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The Market's Measure
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Now That France Has Spoken, What’s Next?

Gold investors were forewarned.

Gold bulls were shaken by the results of first round voting in France over the weekend. Bullion prices sank as much as 1.5 percent as the euro spiked two cents higher against the U.S. dollar. While the far-right candidate, Marine Le Pen, advanced to the second round, her centrist opponent, Emmanuel Macron, is more likely to ultimately ascend to the presidency. Macron is pro-EU; Le Pen is not.

French voting wouldn’t have affected gold unless the market was primed for a fall. There were signs of wobbling in the days leading up to the vote.

First of all, a large net short position held by commercial producers and users had been building for weeks. For the first time since last November, the number surpassed 200,000 Comex contracts, approaching a five-year record.

Then there’s the disparity between gold prices, proxied below by the SPDR Gold Shares Trust (NYSE Arca: GLD), and that of gold producers. Mining stocks’ relative strength has been actually weakening as bullion itself was attracting buyers.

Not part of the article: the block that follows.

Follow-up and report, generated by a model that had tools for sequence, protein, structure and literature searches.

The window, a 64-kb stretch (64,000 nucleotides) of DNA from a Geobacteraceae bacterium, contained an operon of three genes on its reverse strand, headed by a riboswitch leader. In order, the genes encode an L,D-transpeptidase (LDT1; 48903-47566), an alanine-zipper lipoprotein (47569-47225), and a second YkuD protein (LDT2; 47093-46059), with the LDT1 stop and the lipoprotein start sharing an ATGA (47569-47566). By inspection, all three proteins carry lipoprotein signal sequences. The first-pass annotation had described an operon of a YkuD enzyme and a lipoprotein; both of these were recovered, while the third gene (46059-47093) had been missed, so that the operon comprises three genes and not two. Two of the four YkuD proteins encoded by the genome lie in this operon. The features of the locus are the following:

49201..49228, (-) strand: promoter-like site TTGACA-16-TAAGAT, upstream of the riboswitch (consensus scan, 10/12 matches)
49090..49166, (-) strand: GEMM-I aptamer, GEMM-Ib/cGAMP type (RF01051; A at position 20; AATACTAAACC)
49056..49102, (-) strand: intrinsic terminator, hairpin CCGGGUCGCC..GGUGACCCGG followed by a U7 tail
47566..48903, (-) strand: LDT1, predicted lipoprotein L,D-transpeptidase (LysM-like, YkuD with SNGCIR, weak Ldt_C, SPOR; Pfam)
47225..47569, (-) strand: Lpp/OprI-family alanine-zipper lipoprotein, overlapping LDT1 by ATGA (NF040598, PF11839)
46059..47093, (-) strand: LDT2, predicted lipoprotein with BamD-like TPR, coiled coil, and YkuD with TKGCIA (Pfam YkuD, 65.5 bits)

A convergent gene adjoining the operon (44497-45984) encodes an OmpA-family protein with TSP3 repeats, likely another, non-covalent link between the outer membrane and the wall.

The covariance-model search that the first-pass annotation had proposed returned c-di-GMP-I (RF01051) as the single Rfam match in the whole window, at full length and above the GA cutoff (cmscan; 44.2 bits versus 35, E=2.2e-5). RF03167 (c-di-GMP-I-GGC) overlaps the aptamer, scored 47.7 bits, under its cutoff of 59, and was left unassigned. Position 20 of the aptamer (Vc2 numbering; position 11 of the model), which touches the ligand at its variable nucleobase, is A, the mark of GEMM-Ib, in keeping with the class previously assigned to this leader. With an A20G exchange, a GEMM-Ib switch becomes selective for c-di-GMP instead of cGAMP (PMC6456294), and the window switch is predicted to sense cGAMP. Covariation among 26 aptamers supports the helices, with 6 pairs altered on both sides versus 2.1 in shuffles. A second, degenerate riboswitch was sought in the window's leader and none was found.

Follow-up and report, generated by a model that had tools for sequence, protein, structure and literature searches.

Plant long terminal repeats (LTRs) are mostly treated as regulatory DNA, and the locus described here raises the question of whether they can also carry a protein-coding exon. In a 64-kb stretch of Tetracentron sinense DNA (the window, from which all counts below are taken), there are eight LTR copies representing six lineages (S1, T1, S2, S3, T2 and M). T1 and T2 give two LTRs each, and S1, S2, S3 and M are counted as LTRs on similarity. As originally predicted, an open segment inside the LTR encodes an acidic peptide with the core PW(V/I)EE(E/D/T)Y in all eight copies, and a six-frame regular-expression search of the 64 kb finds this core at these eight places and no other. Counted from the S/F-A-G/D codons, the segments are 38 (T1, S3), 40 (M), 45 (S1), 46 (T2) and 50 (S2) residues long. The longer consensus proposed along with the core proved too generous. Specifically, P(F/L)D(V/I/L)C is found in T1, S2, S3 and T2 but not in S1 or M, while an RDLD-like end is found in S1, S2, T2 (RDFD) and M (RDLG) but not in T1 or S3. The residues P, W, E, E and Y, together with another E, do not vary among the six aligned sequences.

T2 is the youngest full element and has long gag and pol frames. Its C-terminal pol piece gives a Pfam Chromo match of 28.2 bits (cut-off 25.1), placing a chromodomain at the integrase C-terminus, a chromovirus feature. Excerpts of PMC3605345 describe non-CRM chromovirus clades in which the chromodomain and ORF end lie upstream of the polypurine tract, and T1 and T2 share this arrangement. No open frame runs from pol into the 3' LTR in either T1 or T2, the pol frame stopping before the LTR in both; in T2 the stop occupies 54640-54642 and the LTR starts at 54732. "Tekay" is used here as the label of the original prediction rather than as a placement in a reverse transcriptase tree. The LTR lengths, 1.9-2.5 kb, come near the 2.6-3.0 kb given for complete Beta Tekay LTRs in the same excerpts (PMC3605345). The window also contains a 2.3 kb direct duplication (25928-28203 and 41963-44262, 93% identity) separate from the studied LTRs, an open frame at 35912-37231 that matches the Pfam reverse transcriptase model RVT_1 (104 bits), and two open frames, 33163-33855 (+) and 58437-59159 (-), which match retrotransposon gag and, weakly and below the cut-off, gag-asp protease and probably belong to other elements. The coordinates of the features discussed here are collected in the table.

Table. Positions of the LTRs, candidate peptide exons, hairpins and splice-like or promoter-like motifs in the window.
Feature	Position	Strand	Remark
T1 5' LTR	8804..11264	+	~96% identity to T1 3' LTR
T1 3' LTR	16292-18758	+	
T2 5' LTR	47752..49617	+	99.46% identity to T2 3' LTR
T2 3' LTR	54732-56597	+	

If you drill down into the mining sector, you’ll see risk aversion evident. We measure speculators’ risk appetite by comparing the price of the VanEck Vectors Gold Miners ETF (NYSE Arca: GDX) to that of the VanEck Vectors Junior Gold Miners ETF (NYSE Arca: GDXJ). Lately, as bullion prices rose amid mounting geopolitical tension, enthusiasm in the mining sector actually waned. We wrote about this phenomenon a few weeks ago (“Gold Miners Say Not Yet”).

Miners are bellwethers of bullion price movements — often establishing trends ahead of the gold market. It’s too early to foretell the degree of the current pullback, but with the Frexit issue backburnered, investors are now more likely to look toward the trajectory of U.S. interest rates for their gold cues. For most folk, that means waiting breathlessly on the next Fed meeting in early May. 

These folks should appreciate that it’s not nominal rates that affect gold prices. It’s real rates — interest rates in relation to inflation expectations. If nominal yields rise faster than inflation expectations, real yields decline. That’s bearish for gold. Alternatively, when Treasury rates rise lag inflation expectations, gold tends to appreciate. You can see these trends reflected in the chart below.

Expectations for an immediate hike in the Fed Funds rate are currently low, but the odds for action in June are now at 2-in-3. 

Place your bets carefully.

Brad Zigler is REP./WealthManagement's Alternative Investments Editor. Previously, he was the head of Marketing, Research and Education for the Pacific Exchange's (now NYSE Arca) option market and the iShares complex of exchange traded funds.

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